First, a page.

Reeves, Will K., Adler, Peter H., Grogan, William L. & Super, Paul E., 2004, Hematophagous and Parasitic Diptera (Insecta) in the Great Smoky Mountains National Park, USA, Zootaxa 483, pp. 1-44: 7-12

publication ID

http://doi.org/ 10.5281/zenodo.157582

publication LSID


persistent identifier


treatment provided by


scientific name



Family Ceratopogonidae 

The genus Culicoides  is the only group of hematophagous ceratopogonids known from the Park. Although other ceratopogonids such as Atrichopogon  spp., Dasyhelea oppressa Thompsen  , Forcipomyia edmistoni Wirth and Spinelli  , and Parabezzia  sp. occur in the Park, none of these are known to feed on vertebrates. Some species of North American Forcipomyia  ( Lasiohelea  ) and Leptoconops  feed on reptile blood and bite humans ( Pechuman & Wirth 1961; Mullens et al. 1997).

Culicoides  species are some of the most annoying biters of humans in the Park. These flies tend to feed in the morning and afternoon and inflict painful bites. Some Culicoides  species are important vectors of Haemoproteus  spp., Mansonella  spp., the virus that causes epizootic hemorrhagic disease of deer, and other arbovirues ( Reeves et al. 1970; Blanton & Wirth 1979). Rabinowitz et al. (1985) reported a filarial nematode, M. llewellyni (Price)  , that infects raccoons, Procyon lotor  (L.), in the Park. Culicoides  species are the probable vectors of this filarial worm; other species of Mansonella  are transmitted by Ceratopogonidae  and Simuliidae ( Bain & Chaubaud 1986)  .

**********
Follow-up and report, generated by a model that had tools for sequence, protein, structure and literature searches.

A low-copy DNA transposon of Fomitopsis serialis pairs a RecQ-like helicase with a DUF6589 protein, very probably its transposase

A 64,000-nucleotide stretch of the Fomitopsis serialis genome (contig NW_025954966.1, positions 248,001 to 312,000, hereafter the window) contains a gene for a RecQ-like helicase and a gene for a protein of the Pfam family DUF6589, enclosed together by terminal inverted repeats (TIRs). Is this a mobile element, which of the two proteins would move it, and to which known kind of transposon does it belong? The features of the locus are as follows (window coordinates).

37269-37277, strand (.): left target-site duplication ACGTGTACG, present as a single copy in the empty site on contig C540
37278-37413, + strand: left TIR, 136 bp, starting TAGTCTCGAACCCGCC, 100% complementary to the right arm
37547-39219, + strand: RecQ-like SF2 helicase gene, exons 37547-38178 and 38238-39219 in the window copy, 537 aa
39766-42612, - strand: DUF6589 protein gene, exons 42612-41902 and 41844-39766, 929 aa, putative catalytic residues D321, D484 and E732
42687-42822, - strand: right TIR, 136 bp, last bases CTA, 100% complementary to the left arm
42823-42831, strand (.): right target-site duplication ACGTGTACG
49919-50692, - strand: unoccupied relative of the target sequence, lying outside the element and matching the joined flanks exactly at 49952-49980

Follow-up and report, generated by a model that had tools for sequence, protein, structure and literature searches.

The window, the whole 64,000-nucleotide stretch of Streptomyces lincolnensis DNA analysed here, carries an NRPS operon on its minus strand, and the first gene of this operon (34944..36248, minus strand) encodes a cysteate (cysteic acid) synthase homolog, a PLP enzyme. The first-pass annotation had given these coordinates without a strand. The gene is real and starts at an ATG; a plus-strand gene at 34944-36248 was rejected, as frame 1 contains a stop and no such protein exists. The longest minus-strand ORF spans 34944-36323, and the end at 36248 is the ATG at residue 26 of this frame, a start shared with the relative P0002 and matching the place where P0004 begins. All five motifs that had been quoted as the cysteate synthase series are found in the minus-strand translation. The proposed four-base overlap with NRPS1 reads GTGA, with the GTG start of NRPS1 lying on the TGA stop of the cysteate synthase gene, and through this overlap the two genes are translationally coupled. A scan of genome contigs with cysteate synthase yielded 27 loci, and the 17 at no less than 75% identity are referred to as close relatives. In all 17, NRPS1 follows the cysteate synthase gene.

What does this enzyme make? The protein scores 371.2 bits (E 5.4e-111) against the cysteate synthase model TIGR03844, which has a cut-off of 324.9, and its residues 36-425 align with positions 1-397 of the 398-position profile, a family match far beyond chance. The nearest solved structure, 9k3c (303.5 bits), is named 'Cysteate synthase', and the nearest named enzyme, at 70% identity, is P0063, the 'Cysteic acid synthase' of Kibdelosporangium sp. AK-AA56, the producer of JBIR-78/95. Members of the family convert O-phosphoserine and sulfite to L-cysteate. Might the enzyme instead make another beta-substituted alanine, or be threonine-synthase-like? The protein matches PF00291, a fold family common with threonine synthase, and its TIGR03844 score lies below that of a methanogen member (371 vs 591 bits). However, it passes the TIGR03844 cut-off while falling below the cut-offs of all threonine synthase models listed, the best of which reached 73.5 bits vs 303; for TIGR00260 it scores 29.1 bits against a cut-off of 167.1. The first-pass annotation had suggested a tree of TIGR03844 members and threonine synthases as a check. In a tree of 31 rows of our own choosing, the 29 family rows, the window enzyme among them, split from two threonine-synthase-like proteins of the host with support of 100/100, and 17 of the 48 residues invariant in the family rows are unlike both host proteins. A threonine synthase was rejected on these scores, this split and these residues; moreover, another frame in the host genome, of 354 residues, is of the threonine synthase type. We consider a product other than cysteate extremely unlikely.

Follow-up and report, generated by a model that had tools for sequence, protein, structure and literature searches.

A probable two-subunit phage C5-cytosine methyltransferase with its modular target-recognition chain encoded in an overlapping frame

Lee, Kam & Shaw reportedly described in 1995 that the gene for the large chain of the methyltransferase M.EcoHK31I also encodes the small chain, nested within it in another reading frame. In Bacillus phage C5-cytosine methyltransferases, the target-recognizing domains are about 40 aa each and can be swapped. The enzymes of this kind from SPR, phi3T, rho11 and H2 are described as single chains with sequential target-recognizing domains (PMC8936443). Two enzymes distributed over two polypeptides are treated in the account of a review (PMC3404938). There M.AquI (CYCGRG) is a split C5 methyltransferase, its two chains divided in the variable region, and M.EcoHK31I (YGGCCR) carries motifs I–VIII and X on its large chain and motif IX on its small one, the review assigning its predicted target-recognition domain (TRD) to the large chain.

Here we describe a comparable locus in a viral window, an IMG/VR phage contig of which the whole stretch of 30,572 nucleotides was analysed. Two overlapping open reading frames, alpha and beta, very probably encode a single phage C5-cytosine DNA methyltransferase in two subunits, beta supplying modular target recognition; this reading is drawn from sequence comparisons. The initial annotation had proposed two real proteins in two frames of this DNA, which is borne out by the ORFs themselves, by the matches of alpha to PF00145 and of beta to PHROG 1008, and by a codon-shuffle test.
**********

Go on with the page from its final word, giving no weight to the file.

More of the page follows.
Culicoides arboricola Root & Hoffman 

Collections: North Carolina, Swain Co., Hazel Creek  at campsite 86, 11 August 1999, light trap, coll. J. Cooper; Oconaluftee/Ravensford, 31 May 2001, treehole, larvae; 9 June 2001, treehole, larvae.

Culicoides arboricola  developed in water­filled treeholes with C. guttipennis (Coquillett)  and Ochlerotatus triseriatus (Say)  . No biting records were established in our study. Culicoides arboricola  is primarily ornithophilic and apparently does not bite humans ( Blanton & Wirth 1979; Snow et al. 1957). However, Humphreys & Turner (1973) collected an engorged female from caged rabbits, and Wright & DeFoliart (1970 b) collected a single female from a caged beaver.

Culicoides baueri Hoffman 

Collection: Tennessee, Blount Co., Cades Cove (520 meters, 35.5920 °N, 83.8375 °W), 1986 and 1987, emergence trap, ( Root & Gerhardt 1991).

Root & Gerhardt (1991) studied the seasonal emergence of Culicoides  spp. throughout eastern Tennessee and caught C. baueri  in the Park. Blanton & Wirth (1979) provided records of this species feeding on humans in Florida.